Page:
Scythes to harvest the grain crop – in the early 1930s

Most readers will associate the scythe as an implement from a byegone era. Writing in 1844 in The Book of the Farm, Henry Stephens noted that “every species of grain is cut down with two small instruments, the scythe or the sickle. The scythe can only be used by men, the sickle by both women and men. Reapers with the scythe must not only be strong men, capable of undergoing great fatigue, but they must use the instrument dexterously, otherwise they will make rough work and create confusion in the harvest field, where every operation ought to be carried on with precision and least loss of time. The scythesman requires a person to follow him and carefully gather the corn he has mown into sheaves in bands, previously laid down for the purpose, and no person is better fitted for this office than a woman. Another person follows the woman, the bandster, whose duty, as his name implies, is to bind the sheaves made by the woman, with the bands he finds lying under them. Another person follows all these, and clears the ground of every loose head of corn with a large rake, and this person may either be a man or a woman. (p. 1050) 

Though the technology on the harvest field changes significantly with the development of reapers and binders, scythes still continued to have their place well into the twentieth century. On 31 July 1931, John Hislop & Son, ironmonger and plumbers, Market Place, Carluke, advertised “seasonable lines for the farmer”. These included: “hay rakes, rake teeth, hay forks, reaper and mill saw files, carborundum scythe and reaper stones, scythe blades and sneds, and reaping hooks, stack rope and binder twine.” These included all the hand tools associated with reaping by scythe including sharpeners and rakes as well as blades.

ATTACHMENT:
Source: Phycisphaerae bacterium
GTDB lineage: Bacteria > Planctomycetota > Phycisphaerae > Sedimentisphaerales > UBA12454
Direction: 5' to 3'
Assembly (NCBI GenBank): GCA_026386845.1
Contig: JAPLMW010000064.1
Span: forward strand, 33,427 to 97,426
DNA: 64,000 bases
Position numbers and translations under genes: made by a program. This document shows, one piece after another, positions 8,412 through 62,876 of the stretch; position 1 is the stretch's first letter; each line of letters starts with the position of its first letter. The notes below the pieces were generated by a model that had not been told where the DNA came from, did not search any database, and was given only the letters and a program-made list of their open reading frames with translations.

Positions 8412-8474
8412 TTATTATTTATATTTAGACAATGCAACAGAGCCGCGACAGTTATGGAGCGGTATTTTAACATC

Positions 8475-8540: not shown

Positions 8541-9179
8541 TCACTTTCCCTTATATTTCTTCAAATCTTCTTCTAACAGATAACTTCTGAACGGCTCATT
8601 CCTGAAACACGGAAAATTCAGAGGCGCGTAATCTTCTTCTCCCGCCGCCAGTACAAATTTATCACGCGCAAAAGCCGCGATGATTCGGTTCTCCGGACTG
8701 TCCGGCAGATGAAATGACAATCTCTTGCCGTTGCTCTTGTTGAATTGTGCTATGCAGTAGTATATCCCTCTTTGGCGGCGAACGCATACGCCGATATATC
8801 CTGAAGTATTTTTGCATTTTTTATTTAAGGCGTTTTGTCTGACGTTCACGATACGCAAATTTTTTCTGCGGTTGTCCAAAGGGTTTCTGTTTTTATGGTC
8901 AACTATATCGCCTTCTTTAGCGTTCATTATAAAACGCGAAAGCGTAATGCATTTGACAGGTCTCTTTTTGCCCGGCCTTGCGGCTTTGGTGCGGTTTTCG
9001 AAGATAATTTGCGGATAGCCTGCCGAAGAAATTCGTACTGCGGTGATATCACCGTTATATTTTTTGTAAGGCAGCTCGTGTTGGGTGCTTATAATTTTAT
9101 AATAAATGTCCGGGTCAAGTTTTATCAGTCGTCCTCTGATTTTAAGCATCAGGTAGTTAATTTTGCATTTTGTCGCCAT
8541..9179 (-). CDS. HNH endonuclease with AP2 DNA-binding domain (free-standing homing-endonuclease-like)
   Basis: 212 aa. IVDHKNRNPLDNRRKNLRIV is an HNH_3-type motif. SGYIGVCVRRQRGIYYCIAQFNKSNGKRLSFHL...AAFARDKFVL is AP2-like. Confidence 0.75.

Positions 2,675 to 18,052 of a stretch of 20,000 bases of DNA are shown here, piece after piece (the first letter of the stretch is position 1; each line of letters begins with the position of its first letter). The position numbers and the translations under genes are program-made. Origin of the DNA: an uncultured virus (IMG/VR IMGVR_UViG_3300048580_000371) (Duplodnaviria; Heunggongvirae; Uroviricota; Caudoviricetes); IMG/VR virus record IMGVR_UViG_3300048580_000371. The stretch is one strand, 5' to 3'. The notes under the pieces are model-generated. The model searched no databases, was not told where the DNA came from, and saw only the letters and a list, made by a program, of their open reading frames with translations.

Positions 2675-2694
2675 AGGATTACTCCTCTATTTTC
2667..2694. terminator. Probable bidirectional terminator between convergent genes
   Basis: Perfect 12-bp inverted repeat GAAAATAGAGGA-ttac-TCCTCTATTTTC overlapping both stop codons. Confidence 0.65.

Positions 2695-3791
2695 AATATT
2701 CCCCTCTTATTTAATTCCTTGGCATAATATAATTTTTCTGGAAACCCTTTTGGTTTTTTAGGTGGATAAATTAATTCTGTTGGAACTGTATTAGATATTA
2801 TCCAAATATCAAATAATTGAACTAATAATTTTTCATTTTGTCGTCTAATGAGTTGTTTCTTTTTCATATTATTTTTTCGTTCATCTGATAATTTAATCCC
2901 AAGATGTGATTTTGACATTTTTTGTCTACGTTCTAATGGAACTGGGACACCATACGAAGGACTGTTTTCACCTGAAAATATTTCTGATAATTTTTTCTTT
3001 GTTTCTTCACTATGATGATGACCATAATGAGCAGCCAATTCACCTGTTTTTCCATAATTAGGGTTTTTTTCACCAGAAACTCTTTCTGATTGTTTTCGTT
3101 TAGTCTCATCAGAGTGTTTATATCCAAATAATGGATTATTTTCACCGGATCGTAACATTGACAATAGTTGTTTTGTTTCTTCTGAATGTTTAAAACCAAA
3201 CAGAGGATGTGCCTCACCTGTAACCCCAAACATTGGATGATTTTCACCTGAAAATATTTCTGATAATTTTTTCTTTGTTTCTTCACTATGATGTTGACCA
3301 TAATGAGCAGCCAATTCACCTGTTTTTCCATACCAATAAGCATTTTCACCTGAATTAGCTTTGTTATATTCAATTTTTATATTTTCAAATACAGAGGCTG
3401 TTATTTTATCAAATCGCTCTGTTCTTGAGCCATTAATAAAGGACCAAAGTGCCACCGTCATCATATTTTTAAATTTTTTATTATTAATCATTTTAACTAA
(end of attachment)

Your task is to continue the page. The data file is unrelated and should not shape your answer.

Hyslop was not the only ironmonger to advertise scythes and their associated tools. In Aberdeenshire, on 12 September James Mackie & Co., Ltd, ironmongers, seedsmen, grocers, wine and spirit merchants advertised his wares for the harvest field in the Aberdeen press and journal: “large selection of carborundum files, reaper and saw files, oilers, scythe blades, sneds, scythe strickles, stable pails, stable brooms, dandy brushes, horse and cattle comns, bolts and nuts, lanterns, paraffin drums, tanks, and flasks; and all seasonable requirements. Binder and stack covers, different sizes, best value.” His range also includes tools and requirements for working with the modern binders. 

In 1931 the scythe was seen as an essential hand tool on the farm – at least in Aberdeenshire. They could be found listed in the contents of displenishing sales, at for example the farms of Waterside of Forbes, Mill of Ennets (Torphins), Middleton (Findon), Milton (Gight, Methlick), Ardoe, Muiryhaugh, Strachan, Rickarton, and Glenhead (Kenmay).

However, in 1931 the scythe continued to be a much valued hand tool. On 26 August that year the Aberdeenshire press and journal noted that “a boom in the sale of scythes is expected by Aberdeen firms of agricultural implement dealers this harvest time in view of the fact that so many fields of grain have been “laid” by recent storms.” It added: “on the last occasion on which harvests were laid low, said an employee of a well-known form to a “Press and Journal” representative, we sold an enormous number of scythes, and while as yet it is rather early to expect orders, we are preparing for a similar demand this year.”

Scythes were essential during poor harvests when the crops were laid and weather intermittent. As the Arbroath herald and advertiser noted on 4 September 1931: “last year quite a number of scythes were put into use in this district at harvest time, and many farmers who had rid themselves of these implements found difficulty in getting supplies in time.” 

They continued to be used to open up fields and were invaluable to cut sections that had been “laid” by wind or/and rain that could not be cut by the binder. Writing on harvesting in Mid-Atholl, the Dundee Courier of 1 September 1931 noted their uses “where heads are twisted in all directions the scythe”. It also noted that “some of the heads will be cut green for the feeding of stock, as the grain will not now ripen satisfactorily for milling purposes”. 

Scythes – an essential hand tool for helping the farmer in difficult harvests.

The photographs were taken at the National Tractor Show.